Register for an account


Enter your name and email address below.

Your email address is used to log in and will not be shared or sold. Read our privacy policy.


Website access code

Enter your access code into the form field below.

If you are a Zinio, Nook, Kindle, Apple, or Google Play subscriber, you can enter your website access code to gain subscriber access. Your website access code is located in the upper right corner of the Table of Contents page of your digital edition.


Is It Time To "Redefine Statistical Significance"?

Neuroskeptic iconNeuroskepticBy NeuroskepticOctober 3, 2017 5:33 PM


Sign up for our email newsletter for the latest science news


A new paper in Nature Human Behaviour has generated lots of debate. In Redefine Statistical Significance, authors Daniel J. Benjamin and colleagues suggest changing the convention that p-values below 0.05 are called 'significant'. Instead, they suggest, the cut-off should be set at 0.005 - a stricter criterion. Over at The Brains Blog, John Schwenkler organized a discussion of the Benjamin et al. proposal, featuring commentary from several statisticians and researchers. One of the commentaries is mine. In it, I don't directly address the merits of p<0.005, but I point out that the p<0.05 rule is a holdover from a very different time. p<0.05 was introduced in 1925, back when statistical tests were carried out by hand. Today, with the help of stats software, we can perform thousands of tests, producing thousands of p-values, in the time it used to take to calculate just one of them. Given a dataset we can carry out many analyses and see which gives the lowest p-values. This is the problem of p-hacking. At p<0.05, 1 in 20 p-values will be significant by chance alone. I'm not sure that a p<0.005 threshold is the best or only solution to this problem. I have long advocated a different and more radical change to how science is carried out: study preregistration. Yet I would be happy to see p<0.005 (or even less) become the norm for non-preregistered studies. Preregistration, I think, would allow us to continue using p<0.05 in the spirit in which it was originally intended: to test significance in a carefully thought out, pre-planned analysis.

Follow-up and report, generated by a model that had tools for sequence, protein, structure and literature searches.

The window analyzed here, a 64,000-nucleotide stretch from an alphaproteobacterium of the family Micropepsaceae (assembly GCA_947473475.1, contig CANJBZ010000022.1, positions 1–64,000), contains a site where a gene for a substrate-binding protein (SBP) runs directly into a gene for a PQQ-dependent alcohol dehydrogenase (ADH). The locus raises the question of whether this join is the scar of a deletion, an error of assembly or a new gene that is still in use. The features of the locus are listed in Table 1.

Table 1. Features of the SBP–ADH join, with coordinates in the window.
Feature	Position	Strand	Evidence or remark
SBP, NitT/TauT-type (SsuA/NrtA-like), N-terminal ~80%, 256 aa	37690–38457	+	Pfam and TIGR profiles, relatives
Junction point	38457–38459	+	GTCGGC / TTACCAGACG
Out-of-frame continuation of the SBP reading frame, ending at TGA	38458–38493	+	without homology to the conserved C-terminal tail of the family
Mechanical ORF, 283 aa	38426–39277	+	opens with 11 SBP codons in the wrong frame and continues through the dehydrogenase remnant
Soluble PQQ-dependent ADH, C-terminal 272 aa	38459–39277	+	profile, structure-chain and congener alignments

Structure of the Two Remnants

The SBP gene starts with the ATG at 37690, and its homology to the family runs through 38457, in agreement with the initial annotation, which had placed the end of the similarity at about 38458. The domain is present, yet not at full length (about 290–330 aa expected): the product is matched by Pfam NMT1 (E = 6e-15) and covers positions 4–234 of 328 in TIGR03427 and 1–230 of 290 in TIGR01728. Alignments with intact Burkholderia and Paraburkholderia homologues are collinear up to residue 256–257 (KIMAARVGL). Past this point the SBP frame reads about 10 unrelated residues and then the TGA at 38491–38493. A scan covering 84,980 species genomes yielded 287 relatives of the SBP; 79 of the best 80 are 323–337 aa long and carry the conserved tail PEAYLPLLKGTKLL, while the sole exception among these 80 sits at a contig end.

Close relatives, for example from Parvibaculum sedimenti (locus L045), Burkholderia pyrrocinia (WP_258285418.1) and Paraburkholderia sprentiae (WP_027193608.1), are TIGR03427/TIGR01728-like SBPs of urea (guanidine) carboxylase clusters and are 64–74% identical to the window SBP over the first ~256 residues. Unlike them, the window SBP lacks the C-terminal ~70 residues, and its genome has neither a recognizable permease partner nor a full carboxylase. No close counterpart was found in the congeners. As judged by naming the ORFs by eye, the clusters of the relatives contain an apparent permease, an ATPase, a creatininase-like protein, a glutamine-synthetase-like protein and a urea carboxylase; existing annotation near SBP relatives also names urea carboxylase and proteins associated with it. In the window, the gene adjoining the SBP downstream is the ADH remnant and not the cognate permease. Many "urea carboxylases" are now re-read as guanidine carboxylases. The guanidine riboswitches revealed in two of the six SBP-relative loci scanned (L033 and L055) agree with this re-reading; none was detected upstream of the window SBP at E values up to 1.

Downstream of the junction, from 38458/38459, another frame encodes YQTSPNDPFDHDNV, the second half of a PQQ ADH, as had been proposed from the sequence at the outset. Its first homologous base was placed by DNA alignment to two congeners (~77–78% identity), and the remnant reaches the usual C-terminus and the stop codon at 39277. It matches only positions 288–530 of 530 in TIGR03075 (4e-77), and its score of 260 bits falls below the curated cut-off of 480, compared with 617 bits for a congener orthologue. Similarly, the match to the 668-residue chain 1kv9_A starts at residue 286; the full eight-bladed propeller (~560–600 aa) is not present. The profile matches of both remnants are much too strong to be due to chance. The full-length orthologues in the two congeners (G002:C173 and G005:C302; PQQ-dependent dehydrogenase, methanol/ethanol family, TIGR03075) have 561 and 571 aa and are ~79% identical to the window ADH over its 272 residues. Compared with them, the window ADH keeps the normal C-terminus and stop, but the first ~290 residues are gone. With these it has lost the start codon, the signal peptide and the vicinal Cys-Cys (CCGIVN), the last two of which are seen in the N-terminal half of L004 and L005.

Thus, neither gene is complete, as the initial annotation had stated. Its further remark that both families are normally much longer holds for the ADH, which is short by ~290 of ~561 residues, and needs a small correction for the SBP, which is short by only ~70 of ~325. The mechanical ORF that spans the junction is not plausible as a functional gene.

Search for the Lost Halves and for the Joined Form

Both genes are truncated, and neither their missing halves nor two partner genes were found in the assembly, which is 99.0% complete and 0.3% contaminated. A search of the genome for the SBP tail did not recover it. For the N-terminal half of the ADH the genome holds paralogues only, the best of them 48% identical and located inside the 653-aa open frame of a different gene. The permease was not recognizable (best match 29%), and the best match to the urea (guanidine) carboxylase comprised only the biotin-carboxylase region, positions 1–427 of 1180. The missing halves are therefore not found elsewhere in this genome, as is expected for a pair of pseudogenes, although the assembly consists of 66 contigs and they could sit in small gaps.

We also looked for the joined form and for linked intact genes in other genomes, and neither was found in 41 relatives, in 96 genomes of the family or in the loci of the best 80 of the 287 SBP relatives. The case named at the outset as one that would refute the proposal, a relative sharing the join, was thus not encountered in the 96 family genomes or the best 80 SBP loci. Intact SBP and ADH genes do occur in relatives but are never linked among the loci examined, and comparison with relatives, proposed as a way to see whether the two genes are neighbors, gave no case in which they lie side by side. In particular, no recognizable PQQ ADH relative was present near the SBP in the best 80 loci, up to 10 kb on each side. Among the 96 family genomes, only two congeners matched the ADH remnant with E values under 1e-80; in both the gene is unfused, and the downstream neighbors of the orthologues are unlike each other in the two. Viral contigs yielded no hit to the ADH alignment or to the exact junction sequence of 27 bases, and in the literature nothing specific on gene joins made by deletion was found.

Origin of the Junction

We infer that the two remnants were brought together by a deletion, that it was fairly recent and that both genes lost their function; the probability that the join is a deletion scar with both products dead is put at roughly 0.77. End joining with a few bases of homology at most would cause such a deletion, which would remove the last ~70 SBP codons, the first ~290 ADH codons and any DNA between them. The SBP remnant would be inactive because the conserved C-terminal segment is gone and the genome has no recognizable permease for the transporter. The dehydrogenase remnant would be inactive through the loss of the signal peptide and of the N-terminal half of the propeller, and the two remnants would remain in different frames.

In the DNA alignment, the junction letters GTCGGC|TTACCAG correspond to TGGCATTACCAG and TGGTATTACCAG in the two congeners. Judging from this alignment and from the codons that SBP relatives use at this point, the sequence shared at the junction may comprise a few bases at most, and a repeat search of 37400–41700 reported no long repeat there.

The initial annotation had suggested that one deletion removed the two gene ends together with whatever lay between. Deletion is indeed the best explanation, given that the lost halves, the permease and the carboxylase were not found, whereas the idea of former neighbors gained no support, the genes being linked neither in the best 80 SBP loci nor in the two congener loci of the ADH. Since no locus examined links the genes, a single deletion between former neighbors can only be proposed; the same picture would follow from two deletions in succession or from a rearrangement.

3 Free Articles Left

    Want it all? Get unlimited access when you subscribe.


    Already a subscriber? Register or Log In

    Want unlimited access?

    Subscribe today and save 70%


    Already a subscriber? Register or Log In